Lenovo A6000 Plus Review
Lenovo’s A-series smartphones are about budget and practicality. Since then, the Chinese manufacturer has been releasing affordable Androids and they get better from time to time. Some get a big upgrade, some just have what most of the consumer’s need for everyday mobile computing. Enter the Lenovo A6000 Plus — which just went on local sale yesterday exclusively through Lazada for under Php 7k. With its 5-inch HD display and usual budget internals, does it stands out against the competition?
Design and Construction
Lenovo gave the A6000 Plus a utilitarian design like most of its budget offering. That said, there’s nothing special about the looks of the smartphone, which is either a good or a bad point. The no frills language is straight to the point.
Up front is the 5-inch IPS LCD and with it are the earpiece, 2-megapixel front-facing camera, sensors, and three capacitive buttons for UI navigation. Sadly, the capacitive keys don’t have backlighting.
As usual, the right side houses the power/lock button and the volume rocker while the left side is virtually empty.
The top has the 3.5mm headphone jack and the micro-USB port, which is unusual and a bit unwieldy when charging, leaving the bottom bare with just the microphone pinhole.
The back is a familiar layout of the 8-megapixel rear camera with LED flash and secondary microphone, Lenovo logo, twin speaker grille, and a subtle Dolby marking.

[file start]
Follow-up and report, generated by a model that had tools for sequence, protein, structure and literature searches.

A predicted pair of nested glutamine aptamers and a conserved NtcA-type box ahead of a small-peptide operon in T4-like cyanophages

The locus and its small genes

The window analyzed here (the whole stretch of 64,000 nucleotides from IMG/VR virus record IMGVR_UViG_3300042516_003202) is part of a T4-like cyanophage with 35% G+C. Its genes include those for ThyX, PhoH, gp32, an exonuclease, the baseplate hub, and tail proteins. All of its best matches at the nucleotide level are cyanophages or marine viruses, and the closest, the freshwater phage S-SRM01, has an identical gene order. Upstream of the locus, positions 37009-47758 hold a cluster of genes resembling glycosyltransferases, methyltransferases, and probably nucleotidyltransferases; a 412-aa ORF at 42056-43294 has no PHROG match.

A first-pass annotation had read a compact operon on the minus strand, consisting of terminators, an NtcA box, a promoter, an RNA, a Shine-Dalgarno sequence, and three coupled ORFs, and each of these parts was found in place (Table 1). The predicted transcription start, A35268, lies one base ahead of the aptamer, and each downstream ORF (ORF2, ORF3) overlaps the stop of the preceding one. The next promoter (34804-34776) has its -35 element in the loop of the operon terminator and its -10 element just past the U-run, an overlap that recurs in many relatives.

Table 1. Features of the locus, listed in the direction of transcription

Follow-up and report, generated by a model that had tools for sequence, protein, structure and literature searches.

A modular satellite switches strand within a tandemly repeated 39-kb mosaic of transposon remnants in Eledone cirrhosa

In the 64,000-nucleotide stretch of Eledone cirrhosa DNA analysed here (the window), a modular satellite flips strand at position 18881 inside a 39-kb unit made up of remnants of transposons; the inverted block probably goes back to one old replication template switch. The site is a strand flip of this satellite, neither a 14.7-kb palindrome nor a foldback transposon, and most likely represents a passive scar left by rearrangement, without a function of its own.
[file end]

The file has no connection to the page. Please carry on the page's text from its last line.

The whole device feels light for its size, depending on who’s holding it, leaving a questionable build quality. Good thing there are no creaks around the device and the build is up to scratch. Perhaps its light weight is just giving us doubts.
Its 5-inch display sports a resolution 1280 x 720 pixels which results to a pretty sharp 294ppi. It also an IPS panel for wide viewing angles. With my daily usage of the A6000 Plus, I find the display to be average. Its colors are a wee bit dull compared to similarly priced devices. Brightness is adequate for both indoor and outdoor usage. It doesn’t have high visibility under bright sunlight but it can get comfortably low in the dark. Also, the ambient light sensor is quick to adjust.
Overall picture quality is just run-of-the-mill. There are better panels in this range but this is not the worst. It’s just something in the middle and you’ll probably get the hang of it. Unless you’ll go compare it from time to time.